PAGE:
Oh, the horror, oh, the humanity. One of the benefits of the game, say organizers and participants, is that it helps students get to know one another.
Story last updated at 10/16/2013 - 7:19 pm
Five zombies stood in the courtyard between Egan Library and the Mourant Building at the University of Alaska Southeast. A human emerged from the safety of indoors.
"C'mon, dude," one of the zombies taunted. "You can bum rush us."
The human stood quietly with his neon Nerf blaster, evaluating his choices. He took a few steps forward and fired three shots. He missed. The zombies ran toward him. The human ran back to the safe zone around the building, perhaps to find another exit... or not.
Last week, for the fourth time since spring 2012, the UAS campus was infested by zombies.
"Humans vs. Zombies," or "HvZ" for those in the know, is a weeklong game of "moderated tag" run by the Student Activities Board at UAS. Since it started at Goucher College in 2005, the epidemic has spread: thousands of colleges and communities have played. Humans vs. Zombies is now a nonprofit that offers the game for free. To participate, students are required only to have a bandanna that tells participants whether they're human or zombie.
"It's actually a really great way to meet people here," said Bruce Allen Malazarte, a zombie and student organizer.
The game starts out with only one zombie. Zombies tag humans in order to turn them. Humans can defend themselves with Nerf "blasters" (this semester, sold by the student government at a discounted rate) and rolled up socks, which stun the zombies for five minutes.
Zombies chat amongst themselves online, as do humans, which helps organize players. The game is managed through an HvZ website, where students can see how many people have been turned into zombies, which zombie is in the lead, and other statistics.
UAS student activities coordinator Tara Olson said this semester, 198 students are active players.
Humans vs. Zombies is the Student Activity Board's highest attended multi-day activity.
"We get a good amount of people that show up. It even goes on at night in housing, too. So it'll be 10 p.m. and there's like 50 people outside trying to chase each other down," Malazarte said.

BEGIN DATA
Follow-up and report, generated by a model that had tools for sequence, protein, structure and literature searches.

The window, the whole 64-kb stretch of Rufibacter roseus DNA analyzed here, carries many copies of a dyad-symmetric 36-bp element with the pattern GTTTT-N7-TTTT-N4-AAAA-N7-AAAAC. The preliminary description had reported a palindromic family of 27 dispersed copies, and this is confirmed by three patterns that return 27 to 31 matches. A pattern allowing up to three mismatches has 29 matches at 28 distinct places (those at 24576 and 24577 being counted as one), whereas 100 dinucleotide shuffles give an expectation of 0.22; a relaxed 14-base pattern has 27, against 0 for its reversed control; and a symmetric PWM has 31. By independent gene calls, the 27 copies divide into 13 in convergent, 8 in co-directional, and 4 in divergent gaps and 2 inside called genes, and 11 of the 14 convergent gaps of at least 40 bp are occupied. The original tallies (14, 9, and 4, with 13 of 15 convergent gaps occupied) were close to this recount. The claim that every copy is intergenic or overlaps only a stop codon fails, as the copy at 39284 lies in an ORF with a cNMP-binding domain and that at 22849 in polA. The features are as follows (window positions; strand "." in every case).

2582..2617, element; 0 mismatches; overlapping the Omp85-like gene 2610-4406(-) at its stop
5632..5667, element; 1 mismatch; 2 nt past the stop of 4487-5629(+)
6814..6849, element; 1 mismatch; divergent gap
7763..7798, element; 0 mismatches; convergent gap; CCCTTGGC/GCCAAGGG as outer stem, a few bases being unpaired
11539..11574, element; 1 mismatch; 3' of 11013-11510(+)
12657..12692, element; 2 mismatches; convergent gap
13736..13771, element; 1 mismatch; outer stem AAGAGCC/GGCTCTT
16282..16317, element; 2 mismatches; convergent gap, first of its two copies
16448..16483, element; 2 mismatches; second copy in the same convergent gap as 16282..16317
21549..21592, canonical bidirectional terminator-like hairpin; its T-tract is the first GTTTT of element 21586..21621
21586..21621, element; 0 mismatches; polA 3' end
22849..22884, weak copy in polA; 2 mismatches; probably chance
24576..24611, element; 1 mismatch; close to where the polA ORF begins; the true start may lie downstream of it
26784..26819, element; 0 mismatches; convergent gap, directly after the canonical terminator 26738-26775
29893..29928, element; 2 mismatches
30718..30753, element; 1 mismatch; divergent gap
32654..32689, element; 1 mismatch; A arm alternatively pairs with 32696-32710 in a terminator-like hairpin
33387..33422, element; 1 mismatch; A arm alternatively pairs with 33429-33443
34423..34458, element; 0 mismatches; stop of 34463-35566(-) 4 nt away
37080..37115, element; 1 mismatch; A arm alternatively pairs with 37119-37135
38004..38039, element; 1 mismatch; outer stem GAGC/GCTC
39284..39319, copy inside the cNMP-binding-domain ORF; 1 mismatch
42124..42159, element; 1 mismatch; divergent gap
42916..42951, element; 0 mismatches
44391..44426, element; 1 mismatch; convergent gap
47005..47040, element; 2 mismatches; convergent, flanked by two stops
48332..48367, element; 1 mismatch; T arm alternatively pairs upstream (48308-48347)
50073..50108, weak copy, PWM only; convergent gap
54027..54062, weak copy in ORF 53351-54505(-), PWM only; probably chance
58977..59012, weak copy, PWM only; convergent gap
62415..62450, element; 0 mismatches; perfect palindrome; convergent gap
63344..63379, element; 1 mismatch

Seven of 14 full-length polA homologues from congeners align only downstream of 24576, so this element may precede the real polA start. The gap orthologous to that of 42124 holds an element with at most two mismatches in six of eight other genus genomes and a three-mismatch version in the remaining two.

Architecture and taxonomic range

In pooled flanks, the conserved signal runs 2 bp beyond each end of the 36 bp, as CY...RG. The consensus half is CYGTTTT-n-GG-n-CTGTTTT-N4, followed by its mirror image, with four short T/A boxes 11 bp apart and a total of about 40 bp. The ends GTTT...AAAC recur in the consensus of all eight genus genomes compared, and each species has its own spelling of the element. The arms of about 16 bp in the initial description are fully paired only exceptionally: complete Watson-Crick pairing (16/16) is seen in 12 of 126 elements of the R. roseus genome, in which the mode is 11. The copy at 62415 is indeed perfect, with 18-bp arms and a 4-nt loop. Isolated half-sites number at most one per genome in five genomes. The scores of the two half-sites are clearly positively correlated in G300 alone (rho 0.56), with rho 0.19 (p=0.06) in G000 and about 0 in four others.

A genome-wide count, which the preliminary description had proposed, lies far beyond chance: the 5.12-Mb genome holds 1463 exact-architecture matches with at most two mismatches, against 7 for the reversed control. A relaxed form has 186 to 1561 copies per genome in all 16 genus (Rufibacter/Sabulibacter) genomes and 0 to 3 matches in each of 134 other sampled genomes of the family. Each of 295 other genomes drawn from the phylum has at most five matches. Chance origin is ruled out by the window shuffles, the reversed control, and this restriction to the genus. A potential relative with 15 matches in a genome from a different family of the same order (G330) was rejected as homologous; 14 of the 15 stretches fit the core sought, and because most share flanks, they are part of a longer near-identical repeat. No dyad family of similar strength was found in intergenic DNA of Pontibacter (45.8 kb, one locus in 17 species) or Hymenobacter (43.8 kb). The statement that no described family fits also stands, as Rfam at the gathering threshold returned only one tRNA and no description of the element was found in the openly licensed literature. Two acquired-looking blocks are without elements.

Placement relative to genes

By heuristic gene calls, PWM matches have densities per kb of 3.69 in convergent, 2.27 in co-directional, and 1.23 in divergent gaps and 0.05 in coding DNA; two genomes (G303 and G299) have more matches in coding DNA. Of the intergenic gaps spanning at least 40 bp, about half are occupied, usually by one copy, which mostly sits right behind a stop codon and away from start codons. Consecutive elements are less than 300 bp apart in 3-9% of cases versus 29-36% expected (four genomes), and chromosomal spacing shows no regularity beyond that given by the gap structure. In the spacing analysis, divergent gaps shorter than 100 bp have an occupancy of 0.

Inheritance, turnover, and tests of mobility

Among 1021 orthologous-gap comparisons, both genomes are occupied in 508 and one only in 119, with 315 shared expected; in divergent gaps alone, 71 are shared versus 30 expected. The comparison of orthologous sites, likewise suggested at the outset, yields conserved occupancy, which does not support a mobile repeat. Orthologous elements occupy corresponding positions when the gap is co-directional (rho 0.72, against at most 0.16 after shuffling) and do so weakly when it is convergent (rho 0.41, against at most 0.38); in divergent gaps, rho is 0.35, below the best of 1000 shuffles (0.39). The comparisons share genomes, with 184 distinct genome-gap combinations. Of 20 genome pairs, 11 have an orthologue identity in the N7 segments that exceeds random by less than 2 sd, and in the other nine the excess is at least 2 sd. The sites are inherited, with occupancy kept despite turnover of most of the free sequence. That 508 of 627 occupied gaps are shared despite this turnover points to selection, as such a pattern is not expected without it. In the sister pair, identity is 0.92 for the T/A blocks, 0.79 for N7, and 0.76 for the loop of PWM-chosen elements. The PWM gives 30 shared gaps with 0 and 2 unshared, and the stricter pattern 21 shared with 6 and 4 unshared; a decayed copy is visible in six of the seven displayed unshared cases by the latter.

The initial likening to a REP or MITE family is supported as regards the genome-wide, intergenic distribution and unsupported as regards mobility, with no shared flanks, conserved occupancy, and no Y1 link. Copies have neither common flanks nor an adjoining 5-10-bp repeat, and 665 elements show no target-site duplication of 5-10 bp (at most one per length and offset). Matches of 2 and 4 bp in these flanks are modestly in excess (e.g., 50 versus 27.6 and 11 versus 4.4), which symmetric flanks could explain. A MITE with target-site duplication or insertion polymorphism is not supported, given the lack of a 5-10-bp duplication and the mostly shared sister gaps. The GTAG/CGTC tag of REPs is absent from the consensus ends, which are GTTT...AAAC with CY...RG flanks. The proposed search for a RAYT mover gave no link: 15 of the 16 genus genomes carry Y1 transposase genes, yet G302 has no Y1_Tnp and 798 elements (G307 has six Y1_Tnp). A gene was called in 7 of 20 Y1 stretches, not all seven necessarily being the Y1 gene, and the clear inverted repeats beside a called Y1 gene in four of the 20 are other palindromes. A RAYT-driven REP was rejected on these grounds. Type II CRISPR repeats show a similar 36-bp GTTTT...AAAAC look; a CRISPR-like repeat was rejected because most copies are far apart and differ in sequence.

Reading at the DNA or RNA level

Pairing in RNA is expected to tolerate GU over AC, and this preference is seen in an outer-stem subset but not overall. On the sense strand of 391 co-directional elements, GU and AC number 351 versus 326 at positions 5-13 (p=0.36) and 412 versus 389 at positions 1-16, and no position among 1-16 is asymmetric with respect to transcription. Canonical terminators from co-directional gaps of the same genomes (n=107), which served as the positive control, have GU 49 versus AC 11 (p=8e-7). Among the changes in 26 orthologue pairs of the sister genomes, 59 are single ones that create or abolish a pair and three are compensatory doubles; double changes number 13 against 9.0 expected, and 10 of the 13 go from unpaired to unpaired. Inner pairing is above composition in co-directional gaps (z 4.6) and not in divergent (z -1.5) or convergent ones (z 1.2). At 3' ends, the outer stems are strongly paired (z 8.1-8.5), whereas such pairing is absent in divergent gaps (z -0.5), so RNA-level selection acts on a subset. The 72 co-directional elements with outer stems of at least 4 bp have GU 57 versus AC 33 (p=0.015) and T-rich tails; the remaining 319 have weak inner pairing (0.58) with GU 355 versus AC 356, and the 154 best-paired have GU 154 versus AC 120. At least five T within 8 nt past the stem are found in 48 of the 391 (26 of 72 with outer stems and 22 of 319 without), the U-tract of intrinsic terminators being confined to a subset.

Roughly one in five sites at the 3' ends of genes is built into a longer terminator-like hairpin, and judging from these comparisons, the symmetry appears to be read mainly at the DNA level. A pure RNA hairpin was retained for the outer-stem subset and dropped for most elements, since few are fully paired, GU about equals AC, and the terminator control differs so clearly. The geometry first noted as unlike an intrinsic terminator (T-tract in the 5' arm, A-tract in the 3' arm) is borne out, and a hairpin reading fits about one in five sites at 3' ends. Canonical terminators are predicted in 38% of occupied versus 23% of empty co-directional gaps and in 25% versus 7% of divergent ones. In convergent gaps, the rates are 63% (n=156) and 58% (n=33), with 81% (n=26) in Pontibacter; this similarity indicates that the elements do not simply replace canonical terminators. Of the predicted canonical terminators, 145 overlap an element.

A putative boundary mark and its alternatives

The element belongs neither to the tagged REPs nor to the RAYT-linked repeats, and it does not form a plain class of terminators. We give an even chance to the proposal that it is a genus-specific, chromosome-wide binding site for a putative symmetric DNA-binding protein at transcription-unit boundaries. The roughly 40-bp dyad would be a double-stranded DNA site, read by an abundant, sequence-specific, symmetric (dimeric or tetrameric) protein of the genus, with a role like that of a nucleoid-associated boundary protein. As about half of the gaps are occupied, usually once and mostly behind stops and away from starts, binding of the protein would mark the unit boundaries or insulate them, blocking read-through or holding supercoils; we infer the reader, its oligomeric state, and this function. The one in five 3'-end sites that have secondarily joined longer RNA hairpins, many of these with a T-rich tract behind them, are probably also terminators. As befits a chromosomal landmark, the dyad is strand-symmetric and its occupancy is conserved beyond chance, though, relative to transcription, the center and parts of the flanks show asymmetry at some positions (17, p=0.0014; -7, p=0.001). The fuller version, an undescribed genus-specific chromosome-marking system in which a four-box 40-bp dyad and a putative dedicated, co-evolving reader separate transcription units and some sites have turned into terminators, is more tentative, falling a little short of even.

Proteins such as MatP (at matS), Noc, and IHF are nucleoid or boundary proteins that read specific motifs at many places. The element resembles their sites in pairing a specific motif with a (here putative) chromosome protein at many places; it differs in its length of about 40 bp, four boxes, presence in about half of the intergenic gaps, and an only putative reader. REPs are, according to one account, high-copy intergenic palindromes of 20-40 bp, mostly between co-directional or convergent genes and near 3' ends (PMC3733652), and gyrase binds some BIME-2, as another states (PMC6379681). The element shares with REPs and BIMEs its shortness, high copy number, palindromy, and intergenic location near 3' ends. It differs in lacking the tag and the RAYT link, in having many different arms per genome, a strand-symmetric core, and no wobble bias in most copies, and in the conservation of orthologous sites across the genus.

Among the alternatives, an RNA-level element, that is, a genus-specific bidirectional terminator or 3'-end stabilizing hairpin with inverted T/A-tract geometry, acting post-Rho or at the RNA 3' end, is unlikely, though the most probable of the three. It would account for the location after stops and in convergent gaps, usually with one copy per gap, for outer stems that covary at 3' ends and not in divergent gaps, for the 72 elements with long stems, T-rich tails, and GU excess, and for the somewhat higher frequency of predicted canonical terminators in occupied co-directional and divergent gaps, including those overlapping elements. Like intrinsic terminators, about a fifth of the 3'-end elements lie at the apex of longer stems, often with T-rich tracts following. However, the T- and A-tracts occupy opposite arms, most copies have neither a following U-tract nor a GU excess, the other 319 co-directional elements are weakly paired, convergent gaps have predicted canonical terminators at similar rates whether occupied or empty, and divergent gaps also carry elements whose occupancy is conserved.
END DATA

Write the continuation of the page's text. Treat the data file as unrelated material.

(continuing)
Even students that aren't participating take notice. "There's a complete shift in the energy on campus," Olson said.
"It's just a really big rush," said student Allison Lihou, participating for the second year. "It's really disappointing when you get tagged."
There are a number of rules to HvZ. Number one is "don't be a d-bag" - think about names you might call a jerk and you'll fill in the blanks. Another is not to modify weapons in any way. They have to be clearly identifiable as bright plastic Nerf "blasters." Buildings and a 10-foot area around them are safe zones, so students don't have to worry about becoming undead during class.
For "missions," if someone gets turned into a zombie, they can turn back into a human once it's over. For the seven days of the main event, however, if they're turned into a zombie anywhere on campus, they're a zombie for the rest of the event. Human "squad missions," after which humans stay zombies if turned, can earn victorious humans prizes like blasters and t-shirts.
The first game at UAS, five or six humans survived. The second game two humans survived. The last game no humans survived, Olson said.
"We ended our final "evacuation" mission tonight and 5 humans survived," Olson said. "The final game stats were: 5 humans, 109 zombies, and 84 corpses (zombies who starved before the end of the game)."
"I think it's really fun running around with guns and watching people get super serious about it," said human Paige Nelson. "It just makes everything more exciting - trying to get something to eat and trying not to die on the way there."
Olson said the game has "completely changed our campus culture in a huge, huge, way. Students are meeting other students," she said. "They're making meaningful connections with those students. They're finding students that they have things in common with, students that they can study with later after the game. Those are all things that help students persist throughout their college career."
Mary Catharine Martin is the staff writer for Capital City Weekly. She can be reached at firstname.lastname@example.org.